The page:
Wednesday, July 20, 2016

He May Be Right, But ...

A great multitude I can’t number
I have trouble with this statement for a couple of reasons:

“Great as the harvest of sin has been, we believe that the saved shall vastly outnumber the lost. Nothing less will satisfy Christ. Remember that in the first age, before mention is made of the latter triumphs of the Gospel, John beheld in heaven a multitude which no man could number. This was but the first-fruit sheaf; let who will compute the full measure of the harvest!”
— F.B. Meyer, Christ in Isaiah

I’ve heard this one before, and Meyer may well be correct. Who can say? Perhaps in the end more human beings will be saved than lost. Love certainly likes to hope so.

But mere numbers do not provide much satisfaction. Going 3 for 5 may be a good day at the plate in baseball, but try telling the sole Christian in a large lost family that “vastly more” of his relatives will ultimately repent and believe than won’t. Will that satisfy him? I think it unlikely. Rather, his first concern will be to find out which of his relations is in danger of the fires of hell, so he can take another crack at them.

I see two flaws in Meyer’s thinking:

 He lacks terms of comparison.  A “multitude no man could number” is very large indeed, but we must always remember it is a figure of speech. Moses told Israel, “Jehovah your God has multiplied you, and behold, you are today as numerous as the stars of heaven”. He was likely speaking to between 2.5 and 3.5 million Israelites at the time, a pretty spectacular number: I could no more count them than he could. But we are provided nothing against which that great multitude may be contrasted. Moses’ vast multitude would have been a hair under five one-hundredths of a percent of the present world population.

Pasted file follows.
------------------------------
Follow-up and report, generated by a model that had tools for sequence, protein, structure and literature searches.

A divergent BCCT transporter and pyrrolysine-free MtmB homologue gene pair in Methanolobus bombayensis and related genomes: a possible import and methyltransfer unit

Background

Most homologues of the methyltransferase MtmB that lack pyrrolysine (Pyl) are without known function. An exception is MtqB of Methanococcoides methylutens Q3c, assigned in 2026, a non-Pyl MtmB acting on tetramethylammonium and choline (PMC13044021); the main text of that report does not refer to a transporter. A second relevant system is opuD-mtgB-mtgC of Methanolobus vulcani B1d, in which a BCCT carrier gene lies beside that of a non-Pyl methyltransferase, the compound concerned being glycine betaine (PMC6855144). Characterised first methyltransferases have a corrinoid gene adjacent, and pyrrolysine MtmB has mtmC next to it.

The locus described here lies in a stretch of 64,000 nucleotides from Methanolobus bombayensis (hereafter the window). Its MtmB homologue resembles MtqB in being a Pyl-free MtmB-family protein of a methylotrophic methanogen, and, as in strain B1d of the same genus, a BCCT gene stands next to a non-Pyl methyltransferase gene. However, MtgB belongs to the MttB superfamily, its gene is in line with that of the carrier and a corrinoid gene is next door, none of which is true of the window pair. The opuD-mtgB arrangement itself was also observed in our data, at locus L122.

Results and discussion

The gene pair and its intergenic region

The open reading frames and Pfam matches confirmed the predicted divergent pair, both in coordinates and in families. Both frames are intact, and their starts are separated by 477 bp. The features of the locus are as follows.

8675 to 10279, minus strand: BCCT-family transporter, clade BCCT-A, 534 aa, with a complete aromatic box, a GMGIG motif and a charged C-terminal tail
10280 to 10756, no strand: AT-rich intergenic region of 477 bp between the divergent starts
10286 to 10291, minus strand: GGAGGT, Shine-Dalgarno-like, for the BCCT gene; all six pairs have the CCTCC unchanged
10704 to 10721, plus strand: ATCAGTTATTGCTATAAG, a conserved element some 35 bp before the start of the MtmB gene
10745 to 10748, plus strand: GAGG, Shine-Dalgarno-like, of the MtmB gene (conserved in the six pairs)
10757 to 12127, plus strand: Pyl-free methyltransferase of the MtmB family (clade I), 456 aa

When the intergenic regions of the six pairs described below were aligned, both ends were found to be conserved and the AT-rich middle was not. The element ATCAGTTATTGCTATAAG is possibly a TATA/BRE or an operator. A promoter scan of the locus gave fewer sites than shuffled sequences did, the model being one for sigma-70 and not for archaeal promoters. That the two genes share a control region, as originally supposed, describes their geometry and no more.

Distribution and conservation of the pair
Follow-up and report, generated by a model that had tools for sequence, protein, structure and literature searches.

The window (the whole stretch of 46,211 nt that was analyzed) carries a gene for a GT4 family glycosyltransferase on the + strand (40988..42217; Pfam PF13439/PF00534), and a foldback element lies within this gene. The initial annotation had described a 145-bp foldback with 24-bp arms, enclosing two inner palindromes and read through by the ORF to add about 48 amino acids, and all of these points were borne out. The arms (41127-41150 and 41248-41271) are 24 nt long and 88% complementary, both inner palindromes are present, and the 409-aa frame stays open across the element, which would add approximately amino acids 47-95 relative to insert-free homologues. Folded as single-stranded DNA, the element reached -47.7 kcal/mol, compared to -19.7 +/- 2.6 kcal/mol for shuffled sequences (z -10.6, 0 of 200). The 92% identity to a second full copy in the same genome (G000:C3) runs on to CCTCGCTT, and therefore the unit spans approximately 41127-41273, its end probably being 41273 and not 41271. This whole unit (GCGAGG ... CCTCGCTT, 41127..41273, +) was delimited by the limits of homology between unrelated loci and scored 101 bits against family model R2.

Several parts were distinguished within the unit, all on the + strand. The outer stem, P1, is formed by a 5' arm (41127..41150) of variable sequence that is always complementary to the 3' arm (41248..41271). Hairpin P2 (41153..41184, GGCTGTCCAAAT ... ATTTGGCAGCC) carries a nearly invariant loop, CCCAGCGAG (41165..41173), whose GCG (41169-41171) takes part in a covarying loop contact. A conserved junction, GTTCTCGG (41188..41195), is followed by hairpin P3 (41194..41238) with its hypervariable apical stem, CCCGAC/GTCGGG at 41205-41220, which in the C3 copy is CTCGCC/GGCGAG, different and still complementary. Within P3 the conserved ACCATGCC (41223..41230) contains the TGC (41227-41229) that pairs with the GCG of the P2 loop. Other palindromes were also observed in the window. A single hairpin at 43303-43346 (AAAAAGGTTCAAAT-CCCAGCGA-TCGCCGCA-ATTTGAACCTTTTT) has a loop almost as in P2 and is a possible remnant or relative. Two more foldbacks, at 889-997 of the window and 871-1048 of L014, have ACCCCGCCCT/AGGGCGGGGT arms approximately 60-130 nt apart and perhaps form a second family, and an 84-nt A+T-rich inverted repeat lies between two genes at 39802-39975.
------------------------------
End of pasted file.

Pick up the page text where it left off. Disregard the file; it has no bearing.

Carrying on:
Without something with which to compare it, even a “multitude no man could number” tells us nothing at all about relative numbers of lost and saved.

 Christ’s satisfaction in his work cannot be related to the numbers he saves.  If it is, once we concede that even one person in all of human history might be eternally lost, then we must imagine our Lord’s satisfaction in his work diminished by that one “failure”; we must conceive it as less than it might otherwise have been. Surely that cannot be right. Yet he conceded a “loss” right out of the gate, though the loss was not his:
“I have guarded them, and not one of them has been lost except the son of destruction, that the Scripture might be fulfilled.”
Judas was lost all right, but it was not the Son of God who lost him.

Are we really to picture our Lord (who would have relented from destroying Sodom for a mere ten righteous men) as a little disappointed with ten million truly saved, reasonably pleased with twenty, thrilled with thirty and ecstatic with forty?

The very idea is self-refuting.

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